Great Barrier Reef bleaching is just one symptom of ecosystem collapse across Australia

Originally published  on The Conversation

Media reports around the world have brought the mass coral bleaching of Australia’s Great Barrier Reef into people’s offices and homes.

With 93% of individual reefs showing bleaching, the devastation among researchers, celebrities and the public is palpable.

Unfortunately, mass coral bleaching is just one example of a far broader problem. Although it represents a rapid and extensive example of ecosystem degradation, coral bleaching is not surprising: it is consistent with many changes that are occurring now across Australia’s natural environments.

Coral bleaching has been seen on 93% of the reefs that make up the Great Barrier Reef. (C) XL Caitlin Seaview Survey

The degradation and death of forests

Forest dieback is increasingly common across Australia from the high country and the floodplains to the savannahs.

Our iconic trees – including the world’s tallest flowering plant, the Mountain Ash, and the most widely distributed eucalypt, the River Red Gum – are among the hardest hit.

A stark example is the floodplain forests of the Murray-Darling Basin. Reduced rainfall and water extraction for human needs have deprived River Red Gums of the flooding integral to their existence. The consequence is that 79% of forests on the Murray River have dieback. Tree graveyards are a common sight.

Recent extreme weather combined with recurring wildfire and intensified logging has increased mortality rates of large, old Mountain Ash trees by an order of magnitude. This has created a crisis for the animals that depend on them, including the critically endangered Leadbeater’s Possum.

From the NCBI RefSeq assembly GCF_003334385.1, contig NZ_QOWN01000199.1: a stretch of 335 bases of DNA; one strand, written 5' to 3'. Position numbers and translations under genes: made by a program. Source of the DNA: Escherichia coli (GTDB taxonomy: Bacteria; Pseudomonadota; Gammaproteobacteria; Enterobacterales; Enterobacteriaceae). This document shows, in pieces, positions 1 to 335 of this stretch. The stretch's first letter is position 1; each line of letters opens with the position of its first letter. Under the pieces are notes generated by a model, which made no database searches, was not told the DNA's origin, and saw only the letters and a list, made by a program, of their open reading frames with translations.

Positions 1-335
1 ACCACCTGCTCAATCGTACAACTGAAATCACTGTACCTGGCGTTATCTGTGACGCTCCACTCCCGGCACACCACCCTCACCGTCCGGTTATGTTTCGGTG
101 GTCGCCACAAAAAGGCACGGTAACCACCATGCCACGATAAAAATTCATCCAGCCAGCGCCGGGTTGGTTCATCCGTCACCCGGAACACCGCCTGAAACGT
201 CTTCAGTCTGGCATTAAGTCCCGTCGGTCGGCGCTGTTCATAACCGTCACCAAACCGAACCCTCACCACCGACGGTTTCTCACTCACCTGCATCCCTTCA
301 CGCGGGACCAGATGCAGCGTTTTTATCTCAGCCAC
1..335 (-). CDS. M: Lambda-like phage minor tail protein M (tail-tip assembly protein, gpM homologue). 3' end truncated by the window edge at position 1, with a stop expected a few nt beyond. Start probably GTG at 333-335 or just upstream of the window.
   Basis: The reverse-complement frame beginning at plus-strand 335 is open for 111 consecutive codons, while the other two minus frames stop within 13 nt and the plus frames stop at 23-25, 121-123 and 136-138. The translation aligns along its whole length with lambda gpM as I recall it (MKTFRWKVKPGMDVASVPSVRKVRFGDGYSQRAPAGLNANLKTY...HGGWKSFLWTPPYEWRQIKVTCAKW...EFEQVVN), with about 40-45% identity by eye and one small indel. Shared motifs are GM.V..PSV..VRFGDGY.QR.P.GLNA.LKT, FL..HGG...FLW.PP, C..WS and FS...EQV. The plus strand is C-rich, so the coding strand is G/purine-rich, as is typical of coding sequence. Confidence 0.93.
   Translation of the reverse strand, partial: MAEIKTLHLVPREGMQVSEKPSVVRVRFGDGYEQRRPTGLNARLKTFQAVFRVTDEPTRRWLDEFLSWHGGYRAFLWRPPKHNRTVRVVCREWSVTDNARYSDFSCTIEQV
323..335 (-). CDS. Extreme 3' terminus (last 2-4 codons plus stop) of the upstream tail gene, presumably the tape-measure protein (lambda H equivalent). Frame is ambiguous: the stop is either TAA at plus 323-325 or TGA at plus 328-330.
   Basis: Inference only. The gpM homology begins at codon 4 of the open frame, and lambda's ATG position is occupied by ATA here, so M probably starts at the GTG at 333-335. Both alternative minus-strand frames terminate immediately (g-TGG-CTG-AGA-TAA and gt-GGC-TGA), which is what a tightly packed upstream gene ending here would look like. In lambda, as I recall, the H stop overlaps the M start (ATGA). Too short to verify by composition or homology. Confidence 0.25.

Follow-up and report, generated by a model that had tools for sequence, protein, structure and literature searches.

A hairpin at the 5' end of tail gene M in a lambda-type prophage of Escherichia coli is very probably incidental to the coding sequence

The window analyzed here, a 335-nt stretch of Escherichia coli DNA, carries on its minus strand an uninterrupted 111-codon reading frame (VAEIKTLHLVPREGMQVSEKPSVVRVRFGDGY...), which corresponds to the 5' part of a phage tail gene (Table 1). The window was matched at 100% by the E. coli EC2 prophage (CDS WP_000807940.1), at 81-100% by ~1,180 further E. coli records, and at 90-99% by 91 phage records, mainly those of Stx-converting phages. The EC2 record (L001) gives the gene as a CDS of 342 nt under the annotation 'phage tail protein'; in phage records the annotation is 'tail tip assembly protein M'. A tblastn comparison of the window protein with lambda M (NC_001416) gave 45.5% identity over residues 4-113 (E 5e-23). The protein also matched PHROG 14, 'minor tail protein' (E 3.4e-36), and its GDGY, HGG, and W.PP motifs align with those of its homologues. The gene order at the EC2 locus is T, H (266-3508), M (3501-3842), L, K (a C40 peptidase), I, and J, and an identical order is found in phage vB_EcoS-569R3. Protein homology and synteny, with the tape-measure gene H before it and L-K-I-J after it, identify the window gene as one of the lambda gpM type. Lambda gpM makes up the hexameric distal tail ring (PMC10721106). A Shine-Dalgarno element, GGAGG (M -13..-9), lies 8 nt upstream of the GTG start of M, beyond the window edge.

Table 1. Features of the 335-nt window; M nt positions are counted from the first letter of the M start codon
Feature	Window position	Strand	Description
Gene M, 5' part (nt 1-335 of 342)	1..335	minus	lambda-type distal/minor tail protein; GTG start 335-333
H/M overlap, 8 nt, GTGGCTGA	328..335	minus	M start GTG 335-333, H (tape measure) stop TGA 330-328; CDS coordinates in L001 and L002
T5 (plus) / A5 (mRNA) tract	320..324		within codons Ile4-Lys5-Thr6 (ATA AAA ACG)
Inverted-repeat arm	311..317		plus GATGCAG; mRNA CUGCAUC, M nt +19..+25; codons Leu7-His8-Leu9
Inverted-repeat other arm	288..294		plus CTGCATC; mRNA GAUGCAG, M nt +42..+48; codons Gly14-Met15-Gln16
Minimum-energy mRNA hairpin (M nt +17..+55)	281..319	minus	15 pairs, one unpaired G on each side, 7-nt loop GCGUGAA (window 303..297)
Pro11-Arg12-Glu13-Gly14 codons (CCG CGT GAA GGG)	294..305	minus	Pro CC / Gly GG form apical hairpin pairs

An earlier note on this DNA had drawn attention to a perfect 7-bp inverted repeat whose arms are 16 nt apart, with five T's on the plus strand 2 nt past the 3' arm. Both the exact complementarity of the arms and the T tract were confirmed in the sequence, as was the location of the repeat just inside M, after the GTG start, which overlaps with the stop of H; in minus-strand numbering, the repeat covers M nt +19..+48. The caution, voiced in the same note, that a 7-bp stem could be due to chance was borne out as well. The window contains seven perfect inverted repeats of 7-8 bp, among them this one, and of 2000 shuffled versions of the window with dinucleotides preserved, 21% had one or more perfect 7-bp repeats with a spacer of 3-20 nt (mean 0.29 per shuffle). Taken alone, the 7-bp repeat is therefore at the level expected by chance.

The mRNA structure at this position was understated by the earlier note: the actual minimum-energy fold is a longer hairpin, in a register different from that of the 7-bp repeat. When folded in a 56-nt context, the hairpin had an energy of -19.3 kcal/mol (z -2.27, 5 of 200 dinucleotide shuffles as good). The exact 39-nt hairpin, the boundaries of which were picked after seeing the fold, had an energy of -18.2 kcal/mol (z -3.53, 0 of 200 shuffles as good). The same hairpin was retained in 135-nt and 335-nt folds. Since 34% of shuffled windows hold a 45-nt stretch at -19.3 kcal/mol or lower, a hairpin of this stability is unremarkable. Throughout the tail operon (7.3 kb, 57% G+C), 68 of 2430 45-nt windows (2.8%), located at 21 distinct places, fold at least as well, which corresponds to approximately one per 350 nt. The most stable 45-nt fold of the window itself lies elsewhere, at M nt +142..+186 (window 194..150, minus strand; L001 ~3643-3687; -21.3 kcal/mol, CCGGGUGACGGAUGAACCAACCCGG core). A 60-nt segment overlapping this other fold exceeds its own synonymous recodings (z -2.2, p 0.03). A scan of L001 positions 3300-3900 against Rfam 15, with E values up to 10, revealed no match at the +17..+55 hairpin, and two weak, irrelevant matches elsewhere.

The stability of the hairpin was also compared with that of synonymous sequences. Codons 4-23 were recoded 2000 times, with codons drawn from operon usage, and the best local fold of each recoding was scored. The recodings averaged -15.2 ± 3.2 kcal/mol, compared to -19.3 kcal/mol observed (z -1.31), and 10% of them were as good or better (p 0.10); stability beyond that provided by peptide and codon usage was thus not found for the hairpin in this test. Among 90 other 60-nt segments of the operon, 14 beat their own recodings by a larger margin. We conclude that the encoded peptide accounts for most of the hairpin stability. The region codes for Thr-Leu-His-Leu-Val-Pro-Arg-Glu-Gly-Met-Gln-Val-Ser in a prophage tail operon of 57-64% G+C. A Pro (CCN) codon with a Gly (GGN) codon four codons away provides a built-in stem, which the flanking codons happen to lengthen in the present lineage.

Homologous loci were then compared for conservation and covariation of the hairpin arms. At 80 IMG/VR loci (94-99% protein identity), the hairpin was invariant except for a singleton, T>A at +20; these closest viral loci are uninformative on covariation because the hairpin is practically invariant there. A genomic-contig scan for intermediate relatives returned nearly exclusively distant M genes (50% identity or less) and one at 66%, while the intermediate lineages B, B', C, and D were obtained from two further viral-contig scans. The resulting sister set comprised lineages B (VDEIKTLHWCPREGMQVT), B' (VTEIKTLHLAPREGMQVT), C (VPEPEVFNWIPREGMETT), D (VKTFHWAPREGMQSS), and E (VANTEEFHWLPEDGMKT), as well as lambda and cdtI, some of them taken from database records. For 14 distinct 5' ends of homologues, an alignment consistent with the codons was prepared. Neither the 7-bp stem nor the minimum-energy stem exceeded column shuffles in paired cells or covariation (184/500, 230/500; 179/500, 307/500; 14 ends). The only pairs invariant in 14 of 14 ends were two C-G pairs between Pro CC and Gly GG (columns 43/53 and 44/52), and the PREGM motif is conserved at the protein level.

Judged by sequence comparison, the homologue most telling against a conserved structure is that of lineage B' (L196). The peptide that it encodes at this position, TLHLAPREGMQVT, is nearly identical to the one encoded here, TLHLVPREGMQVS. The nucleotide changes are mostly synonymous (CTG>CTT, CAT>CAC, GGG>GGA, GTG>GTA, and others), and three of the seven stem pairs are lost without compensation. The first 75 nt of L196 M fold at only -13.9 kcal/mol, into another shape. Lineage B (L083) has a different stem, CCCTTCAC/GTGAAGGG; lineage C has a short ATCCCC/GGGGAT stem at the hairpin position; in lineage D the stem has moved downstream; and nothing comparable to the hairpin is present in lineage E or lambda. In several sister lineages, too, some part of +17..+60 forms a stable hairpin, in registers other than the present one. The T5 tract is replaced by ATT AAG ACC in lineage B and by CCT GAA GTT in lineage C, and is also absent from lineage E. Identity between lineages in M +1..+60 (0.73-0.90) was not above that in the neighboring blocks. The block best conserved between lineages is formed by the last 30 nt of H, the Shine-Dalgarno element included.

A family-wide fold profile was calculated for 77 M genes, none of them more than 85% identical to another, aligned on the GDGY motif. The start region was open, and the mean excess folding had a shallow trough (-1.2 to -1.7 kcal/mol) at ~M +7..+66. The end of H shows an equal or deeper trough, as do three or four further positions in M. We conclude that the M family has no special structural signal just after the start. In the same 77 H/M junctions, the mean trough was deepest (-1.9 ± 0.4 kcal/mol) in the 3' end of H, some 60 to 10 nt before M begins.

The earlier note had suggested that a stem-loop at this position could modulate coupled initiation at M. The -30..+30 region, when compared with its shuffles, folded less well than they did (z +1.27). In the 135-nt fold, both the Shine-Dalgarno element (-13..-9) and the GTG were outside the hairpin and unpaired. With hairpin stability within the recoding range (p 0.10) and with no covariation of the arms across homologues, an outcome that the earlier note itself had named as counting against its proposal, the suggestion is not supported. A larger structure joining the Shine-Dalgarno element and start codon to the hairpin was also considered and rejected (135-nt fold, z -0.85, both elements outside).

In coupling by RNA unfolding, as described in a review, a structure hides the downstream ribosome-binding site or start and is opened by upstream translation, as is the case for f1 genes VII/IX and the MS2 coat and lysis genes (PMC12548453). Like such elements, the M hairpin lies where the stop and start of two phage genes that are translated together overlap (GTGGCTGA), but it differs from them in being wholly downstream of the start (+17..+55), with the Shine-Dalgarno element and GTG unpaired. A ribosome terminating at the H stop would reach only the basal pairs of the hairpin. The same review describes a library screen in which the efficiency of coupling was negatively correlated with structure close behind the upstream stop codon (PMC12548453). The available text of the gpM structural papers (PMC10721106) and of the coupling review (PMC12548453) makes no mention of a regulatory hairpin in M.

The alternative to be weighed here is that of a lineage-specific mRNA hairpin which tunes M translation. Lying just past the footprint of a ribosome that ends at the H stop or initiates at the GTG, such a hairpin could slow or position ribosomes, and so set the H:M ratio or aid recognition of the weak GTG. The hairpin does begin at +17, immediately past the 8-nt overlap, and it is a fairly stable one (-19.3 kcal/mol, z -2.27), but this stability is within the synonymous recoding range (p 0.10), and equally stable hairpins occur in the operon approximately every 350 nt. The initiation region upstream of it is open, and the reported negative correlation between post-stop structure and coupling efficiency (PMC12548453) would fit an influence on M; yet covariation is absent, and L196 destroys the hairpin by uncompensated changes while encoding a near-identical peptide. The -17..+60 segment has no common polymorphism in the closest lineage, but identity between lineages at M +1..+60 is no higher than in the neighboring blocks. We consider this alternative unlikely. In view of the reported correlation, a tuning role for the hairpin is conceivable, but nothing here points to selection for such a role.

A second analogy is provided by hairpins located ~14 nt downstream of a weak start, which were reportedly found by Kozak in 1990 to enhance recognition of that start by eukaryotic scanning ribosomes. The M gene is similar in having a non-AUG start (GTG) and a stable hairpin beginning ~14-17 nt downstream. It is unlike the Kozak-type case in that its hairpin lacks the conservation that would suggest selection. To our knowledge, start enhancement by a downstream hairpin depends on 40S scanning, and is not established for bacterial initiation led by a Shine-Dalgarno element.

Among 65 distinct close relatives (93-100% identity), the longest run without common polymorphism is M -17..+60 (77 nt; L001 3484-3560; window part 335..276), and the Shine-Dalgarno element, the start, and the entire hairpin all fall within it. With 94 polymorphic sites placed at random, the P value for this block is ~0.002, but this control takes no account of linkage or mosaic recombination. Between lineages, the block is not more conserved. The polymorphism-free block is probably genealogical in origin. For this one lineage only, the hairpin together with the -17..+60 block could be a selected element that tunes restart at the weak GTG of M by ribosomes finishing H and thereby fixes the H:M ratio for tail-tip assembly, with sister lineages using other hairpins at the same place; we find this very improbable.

The collapse of Mountain Ash forests threatens Leadbeater’s Possum with extinction. Greens MPs/Flickr, CC BY-NC-ND

The plight of these forests foreshadows the fate of others (such as Western Australia’s Jarrah forests) under a drying climate.

The decline of south-eastern Australia’s frogs

Australia’s record-breaking Millennium Drought hit frog communities very hard. They have not recovered since.

It was hoped that the heavy rainfalls from late 2010 to early 2012 (the “Big Wet”) would help the frogs “bounce back”, given their capacity to lay large numbers of eggs under suitable conditions.

Modest improvements at the time of the Big Wet were undone with a return to dry conditions. These pushed the frogs back to the dire levels seen during the peak of the drought.

Species whose calls will be familiar to many Australians — the “crick-crick” of the common froglet, the “plonk-bonk” of the pobblebonk — saw very little post-drought recovery.

Frogs such as this ‘pobblebonk’ (or eastern banjo frog) haven’t recovered after the drought. Doug Beckers/Flickr, CC BY-SA

Long dry periods are expected in the region under climate-change models, so the prospects for southeastern Australia’s amphibians seem bleak.

The unravelling of Australia’s mammals

Australia has a remarkably distinctive mammal fauna. However, 30 mammal species have become extinct in the past 200 years. That’s an extinction rate worse than any other country.

Particularly disconcerting is that losses are continuing at an unabated rate, with two Australian mammals lost forever in the past decade.

In much of Australia, particularly in northern Australia, many native mammals that were abundant 20 years ago have become vanishingly rare.

The collapse of bird communities

The Millennium Drought also pushed bird communities of southern Australia over the edge.